After many states of India taking to this new traffic rule, Telangana has become the latest member to consider to implement the ‘no helmet, no petrol’ policy in the state. Interestingly, the idea was the brainchild of Dr Sreenivaas Puppalaa, the district transport officer of Medchal.
He shares, “I first implemented the concept in Adilabad in June 2016. I took the help of the district S.P. and collector and executed the idea effectively. To sustain the campaign, we started enforcement by cycling 100 kms (from Mancherial to Kaddam) so that we could get feedback from the grass-root level. It yielded great results. I’m thrilled to see the concept gaining nation-wide momentum.” In the last one year, Sreenivaas has introduced many new road safety measures and has even contributed to the effective improvement of accident black spots, winning accolades for his work.
Recently, Sreenivaas underwent a two-week programme, Delft Road Safety Course, at the Delft University of Technology in Netherlands. Notably, out of the 23 experts invited there from across the world, Sreenivaas (and another Australian) were the only ones who did not have to pay a single penny for the 5,100 course. Sreenivaas’ remarkable initiative in his nearly three-decade long experience in the field of road safety enabled him to get the full scholarship. “I constantly keep updating myself about the new road safety measures, and that’s how I came to know about the Delft Road Safety Course. Generally, such courses aim to introduce new traffic safety measures to reduce road accidents in developed countries. Since Netherlands has one of the best practices in the world, they want to extend these safety rules in developing countries too. So they called experts (including me and another man from Bengaluru) from various countries.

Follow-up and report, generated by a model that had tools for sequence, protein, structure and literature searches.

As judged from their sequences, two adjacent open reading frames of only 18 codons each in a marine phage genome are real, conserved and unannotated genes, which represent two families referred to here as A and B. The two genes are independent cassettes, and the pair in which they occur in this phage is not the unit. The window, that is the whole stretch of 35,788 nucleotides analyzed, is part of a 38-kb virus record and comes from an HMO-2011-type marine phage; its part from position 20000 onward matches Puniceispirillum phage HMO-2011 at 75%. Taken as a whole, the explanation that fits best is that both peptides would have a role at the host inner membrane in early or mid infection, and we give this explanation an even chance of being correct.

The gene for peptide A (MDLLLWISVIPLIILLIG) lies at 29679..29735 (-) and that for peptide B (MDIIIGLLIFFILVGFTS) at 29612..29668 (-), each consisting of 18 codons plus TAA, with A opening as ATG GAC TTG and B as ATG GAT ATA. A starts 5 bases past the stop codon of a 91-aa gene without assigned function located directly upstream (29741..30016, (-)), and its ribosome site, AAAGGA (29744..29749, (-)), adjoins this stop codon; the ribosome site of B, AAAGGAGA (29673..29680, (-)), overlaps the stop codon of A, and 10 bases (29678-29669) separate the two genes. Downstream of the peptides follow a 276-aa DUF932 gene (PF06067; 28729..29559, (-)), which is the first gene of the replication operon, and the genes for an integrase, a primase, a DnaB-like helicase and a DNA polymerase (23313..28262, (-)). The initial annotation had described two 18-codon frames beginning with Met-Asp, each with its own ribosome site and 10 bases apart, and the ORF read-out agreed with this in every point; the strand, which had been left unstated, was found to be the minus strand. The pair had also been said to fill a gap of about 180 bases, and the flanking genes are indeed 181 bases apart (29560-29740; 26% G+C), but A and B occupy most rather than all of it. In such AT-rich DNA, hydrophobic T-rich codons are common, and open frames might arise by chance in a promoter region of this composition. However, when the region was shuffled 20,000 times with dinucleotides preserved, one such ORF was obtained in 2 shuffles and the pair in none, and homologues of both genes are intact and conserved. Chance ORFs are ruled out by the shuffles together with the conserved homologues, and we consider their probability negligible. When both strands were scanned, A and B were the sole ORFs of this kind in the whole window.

He further elaborates, “Out of 12 million deaths worldwide, India accounts for 1.2 million deaths (per year) in road accidents. Since this number is rising constantly, the WHO wanted to reduce the death rate by at least 50 per cent. So they asked the developing countries to implement ‘The Decade of Action for Road Safety 2011–2020’, which is on par with the Delft Road Safety Course. The programme is based on five pillars — road safety management, road infrastructure, safer vehicles (vehicle engineering), road user behaviour, post-crash measures (treatment during golden hours).”
The transport officer, who is also a Certified Road Crash Investigator, believes that the course in Netherlands has helped him to formulate and design road safety measures coherently. “I have seen several accidents, so I feel we can save a few lives if people are more responsible wearing helmets and seatbelts. Some people even complain against us saying that we are dealing in an arrogant way, but they need to understand that all this is for their well-being,” he concludes.